pilgrim’s progress

Virgin and Child Enthroned with Four Angels

If you’re in need of ennobling – and really, aren’t we all? – you could heed no better advice than to hightail it over to The Frick Collection. The museum is presenting the first monographic exhibition in the United States on the artist Piero della Francesca, a founding figure of the Italian Renaissance. Of the seven paintings on display, six are panels from the Sant’Agostino altarpiece – the largest number from this masterwork ever reassembled publicly – along with Piero’s only intact altarpiece in this country, the magisterial Virgin and Child Enthroned with Four Angels. If you aren’t intimately familiar with the work of Piero – and I must admit my own ignorance on the subject – it’s likely due to two reasons: much of his recorded output has been either lost or destroyed, and the surviving works, being primarily frescoes, remain in situ, scattered among a handful of churches within the Tuscan triangle of San Sepolcro, Urbino, and Arezzo. Getting to know Piero demands a degree of pilgrimage - which only seems proper for an artist whose works revolves on religious themes. So, be thankful The Frick is as close as East 70th Street. It might not be an exhaustive survey, but there’s less voyage, more visit. Because visiting with Piero’s subjects is what you’ll want to do. His cool color palette and geometrical composition contributes to a refined and meditative nature. Piero was also a mathematical theorist, which makes perfect sense when you see the clearly defined volume of his figures and precision perspective. Balanced by a naturalism derived in part from his interactions with Flemish artists, Piero’s scenes exude a serenity, whether it be Saint John the Evangelist, Saint Apollonia, Saint Monica or The Crucifixion, which seeps into the viewer, and turns the seemingly simple act of looking a pictures into an offering of nobility.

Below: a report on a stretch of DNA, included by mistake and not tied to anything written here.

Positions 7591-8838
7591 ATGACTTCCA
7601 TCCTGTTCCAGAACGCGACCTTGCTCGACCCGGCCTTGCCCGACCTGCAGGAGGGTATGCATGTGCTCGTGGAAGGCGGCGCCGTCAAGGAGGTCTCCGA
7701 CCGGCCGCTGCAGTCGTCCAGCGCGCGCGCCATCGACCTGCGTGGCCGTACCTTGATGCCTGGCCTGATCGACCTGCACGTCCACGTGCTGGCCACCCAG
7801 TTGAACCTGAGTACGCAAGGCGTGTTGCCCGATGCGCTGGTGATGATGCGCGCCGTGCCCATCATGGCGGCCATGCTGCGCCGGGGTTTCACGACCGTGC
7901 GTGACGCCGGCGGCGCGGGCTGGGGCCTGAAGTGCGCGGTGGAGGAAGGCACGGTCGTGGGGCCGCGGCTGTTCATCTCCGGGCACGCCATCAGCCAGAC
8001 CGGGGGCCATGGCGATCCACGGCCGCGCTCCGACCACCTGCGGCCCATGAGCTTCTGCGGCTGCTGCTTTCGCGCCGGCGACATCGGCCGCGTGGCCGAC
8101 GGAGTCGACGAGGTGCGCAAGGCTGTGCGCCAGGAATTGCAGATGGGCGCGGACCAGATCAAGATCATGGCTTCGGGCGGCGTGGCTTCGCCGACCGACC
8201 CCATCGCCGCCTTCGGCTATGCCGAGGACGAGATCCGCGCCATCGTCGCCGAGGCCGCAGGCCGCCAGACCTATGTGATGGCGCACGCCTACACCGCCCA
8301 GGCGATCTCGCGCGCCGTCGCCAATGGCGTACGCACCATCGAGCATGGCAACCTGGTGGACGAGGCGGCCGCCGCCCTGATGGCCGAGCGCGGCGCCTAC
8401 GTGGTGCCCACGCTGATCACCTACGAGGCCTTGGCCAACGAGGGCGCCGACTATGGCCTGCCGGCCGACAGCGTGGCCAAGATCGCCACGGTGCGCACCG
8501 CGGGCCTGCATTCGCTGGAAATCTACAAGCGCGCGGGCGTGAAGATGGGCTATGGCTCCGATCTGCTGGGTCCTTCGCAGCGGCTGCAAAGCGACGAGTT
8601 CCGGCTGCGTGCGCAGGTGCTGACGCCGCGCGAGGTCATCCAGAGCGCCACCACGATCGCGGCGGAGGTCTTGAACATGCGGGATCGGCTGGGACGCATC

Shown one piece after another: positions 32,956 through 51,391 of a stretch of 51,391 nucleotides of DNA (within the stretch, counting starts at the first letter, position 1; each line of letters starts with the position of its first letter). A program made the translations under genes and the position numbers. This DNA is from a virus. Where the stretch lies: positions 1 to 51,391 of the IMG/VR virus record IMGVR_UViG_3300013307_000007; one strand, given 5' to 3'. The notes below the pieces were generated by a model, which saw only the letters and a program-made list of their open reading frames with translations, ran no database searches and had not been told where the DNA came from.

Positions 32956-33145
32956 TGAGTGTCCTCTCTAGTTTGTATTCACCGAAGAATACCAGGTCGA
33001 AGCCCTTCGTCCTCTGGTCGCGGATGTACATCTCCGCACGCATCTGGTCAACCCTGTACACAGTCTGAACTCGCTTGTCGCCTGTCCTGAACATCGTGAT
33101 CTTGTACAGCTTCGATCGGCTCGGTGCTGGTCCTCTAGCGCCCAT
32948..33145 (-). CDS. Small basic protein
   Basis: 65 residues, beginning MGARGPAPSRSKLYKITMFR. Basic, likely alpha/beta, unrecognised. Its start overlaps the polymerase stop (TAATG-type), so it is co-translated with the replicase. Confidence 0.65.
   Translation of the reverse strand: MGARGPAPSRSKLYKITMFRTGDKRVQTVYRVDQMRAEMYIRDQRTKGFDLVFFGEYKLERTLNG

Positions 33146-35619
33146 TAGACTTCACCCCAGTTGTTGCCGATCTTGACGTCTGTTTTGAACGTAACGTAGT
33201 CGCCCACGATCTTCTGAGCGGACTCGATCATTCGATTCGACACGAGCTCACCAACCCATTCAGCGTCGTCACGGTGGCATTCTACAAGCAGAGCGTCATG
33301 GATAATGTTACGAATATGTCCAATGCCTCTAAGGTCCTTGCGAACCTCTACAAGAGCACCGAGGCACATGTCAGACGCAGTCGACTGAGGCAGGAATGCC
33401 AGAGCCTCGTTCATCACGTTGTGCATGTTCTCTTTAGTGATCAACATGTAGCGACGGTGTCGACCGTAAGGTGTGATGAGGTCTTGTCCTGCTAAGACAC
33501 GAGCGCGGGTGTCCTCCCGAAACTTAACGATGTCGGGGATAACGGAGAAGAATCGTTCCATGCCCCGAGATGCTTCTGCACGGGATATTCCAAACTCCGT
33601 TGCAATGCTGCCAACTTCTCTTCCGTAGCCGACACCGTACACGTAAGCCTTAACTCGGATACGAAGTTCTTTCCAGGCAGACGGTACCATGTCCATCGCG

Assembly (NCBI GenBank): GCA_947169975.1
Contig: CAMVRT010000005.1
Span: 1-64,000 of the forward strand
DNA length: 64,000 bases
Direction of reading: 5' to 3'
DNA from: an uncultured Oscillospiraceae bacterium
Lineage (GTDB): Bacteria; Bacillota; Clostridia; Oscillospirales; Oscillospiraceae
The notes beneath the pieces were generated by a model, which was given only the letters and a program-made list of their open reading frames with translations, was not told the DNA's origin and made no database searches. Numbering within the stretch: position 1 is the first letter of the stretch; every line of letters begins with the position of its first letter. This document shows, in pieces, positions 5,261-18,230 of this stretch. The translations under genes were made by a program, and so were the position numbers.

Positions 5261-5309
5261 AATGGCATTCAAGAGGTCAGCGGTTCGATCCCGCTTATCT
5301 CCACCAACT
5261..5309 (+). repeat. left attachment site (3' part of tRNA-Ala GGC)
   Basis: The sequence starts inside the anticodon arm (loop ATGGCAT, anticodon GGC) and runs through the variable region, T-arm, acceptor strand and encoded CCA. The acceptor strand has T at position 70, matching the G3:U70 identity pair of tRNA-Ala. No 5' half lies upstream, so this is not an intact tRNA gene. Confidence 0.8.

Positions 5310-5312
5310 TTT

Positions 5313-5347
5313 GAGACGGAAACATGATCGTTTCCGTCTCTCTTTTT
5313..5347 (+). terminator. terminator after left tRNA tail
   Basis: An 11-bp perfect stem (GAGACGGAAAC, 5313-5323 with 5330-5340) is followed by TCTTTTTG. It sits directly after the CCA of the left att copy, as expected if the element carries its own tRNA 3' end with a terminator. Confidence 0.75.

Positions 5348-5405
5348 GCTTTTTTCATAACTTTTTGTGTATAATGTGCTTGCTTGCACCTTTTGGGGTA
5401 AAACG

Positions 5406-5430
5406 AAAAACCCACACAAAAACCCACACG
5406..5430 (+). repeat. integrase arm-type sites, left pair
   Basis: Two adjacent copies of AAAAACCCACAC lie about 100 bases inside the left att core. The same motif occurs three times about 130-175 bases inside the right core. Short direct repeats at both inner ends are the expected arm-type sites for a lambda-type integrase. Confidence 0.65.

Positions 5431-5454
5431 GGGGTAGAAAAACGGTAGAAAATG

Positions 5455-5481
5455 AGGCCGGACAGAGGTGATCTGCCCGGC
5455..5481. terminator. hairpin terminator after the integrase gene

St. Apollonia

The Crucifixion

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in a new light at the frick

Giovanni Bellini’s St. Francis in the Desert is the largest work on panel at the Frick Collection, the intimate public gallery housed in the former residence of industrialist Henry Clay Frick. Portraying the medieval saint who renounced earthly riches to embrace a life of poverty, simplicity and prayer, this particular painting belongs to a long tradition of legends centered on the life of Francesco of Assisi, who was close in time to the Italians of the Renaissance and hence often a central subject. Yet this image is unlike any other representation. For one, Bellini’s desert bears a striking similarity to the Tuscon hills. Moreover, barefoot with arms extended and ready to receive, the saint appears to be in a state of mystical transport, transfigured by a supernatural radiance that emanates from a thick impasto of clouds at the upper left corner of the canvas. All this and not a furry animal to be found. Almost. It’s a masterpiece of spiritual poetry, made even more vivid following a rehabilitative trip to the Metropolitan Museum of Art’s conservation department. Currently occupying pride of place in the museum’s main gallery the painting can also be viewed up close in a way you’d never be able to experience in person: via high-resolution gigapixel photography courtesy of Google’s amazing new Art Project.

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